SAN FRANCISCO (CN) - The National Park Service fired a maintenance man for baptizing someone in the Pacific Ocean and wouldn't let him read the Bible on his lunch breaks, the man claims in court.
Roger Holly sued the Department of the Interior and his supervisors on constitutional grounds Monday in Federal Court.
Holly, a Baptist minister and former maintenance worker at the Maritime National Historic Park in San Francisco, says he baptized a park visitor during his lunch break on Nov. 23, 2013.
He says he was out of uniform at the time and simply helped dunk the visitor into the ocean.
"The religious 'ceremony' Holly performed did not include any outward, objective display of religion, such as reading sacred texts, public prayer, sermonizing or the like," the complaint states. "It simply appeared that two persons were swimming in the ocean, much like other park visitors."
Holly says no other members of the public were involved or raised an issue about the baptism. He claims that one of his former coworkers, a Native American woman, is allowed to display spiritually symbolic feathers in her Park Service vehicle, but his supervisor, defendant Robert Kier, interrogated him about the baptism.
Holly says Kier questioned him "extensively" about his religion and asked him "intrusive" questions about his faith and whether he would baptize anyone again. He says he assured Kier he would never baptize someone while on the clock or in his Park Service uniform.
Holly also told Kier, according to the complaint: "If you're asking me would I do it under other circumstances, I'm a minister of the Gospel and there's a wide ocean out there, what do you think I would do?"
He says he got a letter of proposed termination on March 10, 2014, then months later, a final agency decision that he was fired for performing a baptism in the park.
"The final agency decision further noted defendant Kier's testimony that 'he discussed with complainant the inappropriateness of it [talking to people that needed or wanted Jesus] because religious matters are to remain one's personal domain," the complaint states. (Brackets in complaint.)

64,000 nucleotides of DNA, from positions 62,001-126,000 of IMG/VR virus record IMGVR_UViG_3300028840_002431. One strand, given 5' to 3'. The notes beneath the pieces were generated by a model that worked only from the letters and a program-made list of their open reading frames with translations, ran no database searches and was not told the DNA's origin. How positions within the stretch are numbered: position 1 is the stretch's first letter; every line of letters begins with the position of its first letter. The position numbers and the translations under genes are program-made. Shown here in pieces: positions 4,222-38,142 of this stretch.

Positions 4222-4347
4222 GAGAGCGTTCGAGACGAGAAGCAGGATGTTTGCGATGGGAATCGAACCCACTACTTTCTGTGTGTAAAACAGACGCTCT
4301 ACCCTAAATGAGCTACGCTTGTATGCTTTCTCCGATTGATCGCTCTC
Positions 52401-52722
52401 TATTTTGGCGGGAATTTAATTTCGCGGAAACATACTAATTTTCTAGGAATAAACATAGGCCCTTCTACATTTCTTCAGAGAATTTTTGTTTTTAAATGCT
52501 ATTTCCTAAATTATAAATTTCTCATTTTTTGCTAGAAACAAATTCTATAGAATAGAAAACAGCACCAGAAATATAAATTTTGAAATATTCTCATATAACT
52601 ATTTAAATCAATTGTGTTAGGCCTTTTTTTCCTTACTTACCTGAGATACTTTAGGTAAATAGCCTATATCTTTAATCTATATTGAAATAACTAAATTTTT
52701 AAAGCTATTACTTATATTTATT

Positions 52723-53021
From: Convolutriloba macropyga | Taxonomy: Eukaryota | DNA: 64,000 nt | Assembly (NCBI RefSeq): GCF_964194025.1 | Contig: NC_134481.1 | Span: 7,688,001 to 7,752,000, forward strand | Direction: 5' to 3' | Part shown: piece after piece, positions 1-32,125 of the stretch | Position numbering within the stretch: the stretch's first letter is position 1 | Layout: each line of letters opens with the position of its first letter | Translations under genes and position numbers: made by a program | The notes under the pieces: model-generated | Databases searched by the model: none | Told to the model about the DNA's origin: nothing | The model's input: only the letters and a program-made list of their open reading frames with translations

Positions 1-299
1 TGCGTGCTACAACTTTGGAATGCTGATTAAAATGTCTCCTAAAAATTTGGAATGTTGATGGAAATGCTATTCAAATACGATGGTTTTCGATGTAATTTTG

Before the baptism, says Holly, who is black, he had complained to his bosses about racial discrimination. He says he'd asked a park visitor to move an illegally parked car so he could finish blowing leaves, and the visitor cursed him and ran over his foot.
Holly says he was reprimanded for being "aggressive." He claims that "the letter of counseling reflected a form of racial stereotyping as an overly and inappropriately aggressive black man, and that he ought to act more docile and subservient, and not talk to visitors, even where he was simply performing his position."
He also claims he was not allowed to invite people into the maintenance shop because of his race, though other employees were allowed to bring family and friends inside.
"Other NPS employees who are white, not African American, give their family members and even pets rides in the park service cart, and permit family members to be present in the shop, and are not issued any warnings or discipline as a result," the complaint states.
And he claims he was told he could not "display" a Bible he read during his breaks, though other employees were not questioned about their reading material.
He seeks lost wages, an injunction, and damages for pain and suffering.
He is represented by Alan J. Reinach with the Church State Council, of Westlake Village.
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